ULI and Chinachem Group Unveil Inaugural Senior Housing Report on Investment Potential in Hong Kong

ULI and Chinachem Group Unveil Inaugural Senior Housing Report on Investment Potential in Hong Kong

Call for stronger ageing policies and public/private collaboration to develop senior housing market
19 October 2023

Nearly one in three residents in Hong Kong will be seniors aged above 65 by 2038 and 70 per cent may require healthcare support due to chronic diseases. Yet, there is a shortage of senior housing units available in the market to meet their ageing needs, according to a report released by the Urban Land Institute (ULI) and Chinachem Group (Chinachem).


Rising demand, combined with limited land availability and high land costs, poses significant challenges for senior housing development in Hong Kong, known to have the world’s longest life expectancy. To accelerate the development of Hong Kong’s senior housing industry, the report urges the government and investors to collaborate in the following areas:


1. More specific land use policies

 a. Assign designated land use categories for senior housing

 b. Provide a preferential land premium for senior housing on residential land to lower cost

2. Incentives for senior housing development for the inclusion of senior-friendly design features

3. Improved healthcare subsidy scheme to expand and include private operators, which will lead to subsidised healthcare in private senior housing

4. Expansion of healthcare services incentives to private operators, encouraging them to make their services more accessible and offering more options for seniors


Hong Kong lagging behind in supply and policy support


To fulfill the priorities of the increasingly affluent seniors, the report calls for stronger ageing policies and public/private collaboration to develop the senior housing market in Hong Kong. At present, Hong Kong’s ageing policies have a limited scope, focusing on funding to non-profit/non-governmental organisations. Limited incentives are provided to the private sector in developing senior housing projects.


In building a robust Hong Kong senior housing market, equally important are factors such as public acceptance and the added value of professional services by the private sector. Therefore, the report recommends that the private sector considers the following when planning for senior housing properties:


1. Development of intergenerational communities

2. Add-on services for seniors for a smooth transition to ageing in place, such as training for domestic helpers and retrofitting of houses

3. Greater use of technology in senior housing to ease the pressure on caretakers


Key learnings from the region


Referencing case studies within the APAC region — Australia, Japan, Mainland China, and Singapore, the report found that the execution of a holistic plan, involving various government departments and an effective mix of land supply and housing development and health, has been critical in lowering the cost of development and operation of senior housing in these markets.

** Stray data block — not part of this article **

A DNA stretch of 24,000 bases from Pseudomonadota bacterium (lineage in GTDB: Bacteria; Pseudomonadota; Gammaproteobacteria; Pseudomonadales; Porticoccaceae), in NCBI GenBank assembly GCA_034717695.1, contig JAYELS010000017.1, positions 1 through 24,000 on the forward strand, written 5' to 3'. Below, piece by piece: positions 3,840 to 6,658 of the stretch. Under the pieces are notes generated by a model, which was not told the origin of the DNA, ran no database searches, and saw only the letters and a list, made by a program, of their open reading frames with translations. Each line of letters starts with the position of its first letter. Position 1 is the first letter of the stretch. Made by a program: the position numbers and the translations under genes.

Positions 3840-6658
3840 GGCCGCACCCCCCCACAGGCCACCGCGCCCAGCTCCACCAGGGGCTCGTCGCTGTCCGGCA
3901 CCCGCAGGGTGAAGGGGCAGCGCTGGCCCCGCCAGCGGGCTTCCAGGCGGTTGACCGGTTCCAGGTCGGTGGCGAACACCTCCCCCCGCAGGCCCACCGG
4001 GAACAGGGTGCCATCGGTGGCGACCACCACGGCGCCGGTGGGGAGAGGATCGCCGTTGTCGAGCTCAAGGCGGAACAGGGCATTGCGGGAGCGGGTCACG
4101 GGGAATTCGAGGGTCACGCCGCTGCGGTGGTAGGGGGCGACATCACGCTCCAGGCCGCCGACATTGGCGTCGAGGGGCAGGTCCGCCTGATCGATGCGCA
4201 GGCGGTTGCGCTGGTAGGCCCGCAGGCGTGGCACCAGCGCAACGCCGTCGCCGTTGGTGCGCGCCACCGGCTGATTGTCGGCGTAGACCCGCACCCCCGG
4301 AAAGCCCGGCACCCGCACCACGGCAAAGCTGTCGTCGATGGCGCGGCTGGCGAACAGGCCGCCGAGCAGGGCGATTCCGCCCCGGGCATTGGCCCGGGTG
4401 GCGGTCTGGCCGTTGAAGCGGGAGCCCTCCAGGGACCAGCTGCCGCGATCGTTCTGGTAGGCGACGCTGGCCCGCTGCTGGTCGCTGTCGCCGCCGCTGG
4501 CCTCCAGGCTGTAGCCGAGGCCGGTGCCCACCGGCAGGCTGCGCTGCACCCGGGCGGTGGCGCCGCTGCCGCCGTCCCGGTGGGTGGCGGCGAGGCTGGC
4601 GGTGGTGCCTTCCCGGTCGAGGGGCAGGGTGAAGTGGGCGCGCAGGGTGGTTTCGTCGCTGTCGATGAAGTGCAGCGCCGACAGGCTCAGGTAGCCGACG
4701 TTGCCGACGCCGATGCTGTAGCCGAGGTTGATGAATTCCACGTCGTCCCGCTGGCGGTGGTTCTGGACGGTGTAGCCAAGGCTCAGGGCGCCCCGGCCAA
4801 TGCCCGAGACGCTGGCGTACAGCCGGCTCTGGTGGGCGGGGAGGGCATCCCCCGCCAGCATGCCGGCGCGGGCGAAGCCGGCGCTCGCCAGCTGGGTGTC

- Australia: One of the most established senior housing markets with a variety of housing options that cater to seniors with varying degrees of care needs; the government provides support to lower costs and promote development.


- Japan: Government healthcare policies provide incentives for senior housing developments; capacity in the private senior housing market expanded by over 160 per cent during 2011-2018.


- Mainland China: Insurance companies are key players in senior housing development; typically set up in tier 1 cities and marketed as exclusive communities with priority provided to customers.


- Singapore: The government has taken the lead in developing various models of senior housing and incorporating senior-friendly designs in public housing developments.


“As baby boomers retire and life expectancies continue to increase, seniors will make up a significant portion of the population in the future. Today’s senior citizens naturally want to enjoy high quality of life after retirement. Policy support and public-private partnerships play an instrumental role to help stakeholders form effective ecosystems to overcome challenges such as limited land supply and high costs of senior housing development,” said Alan Beebe, CEO, ULI Asia Pacific.


“Having started to focus on Hong Kong’s ageing demography in recent years, Chinachem Group is pleased to share with society fresh insights from this Senior Housing Report. Committed to creating positive impact that will benefit senior citizens and their families, bring prosperity through investment in senior housing market, and preserve the planet, we aim at making Hong Kong a more liveable intergenerational community,” said Donald Choi, Executive Director and CEO, Chinachem Group.


The full report can be accessed here.

Corporate Communications
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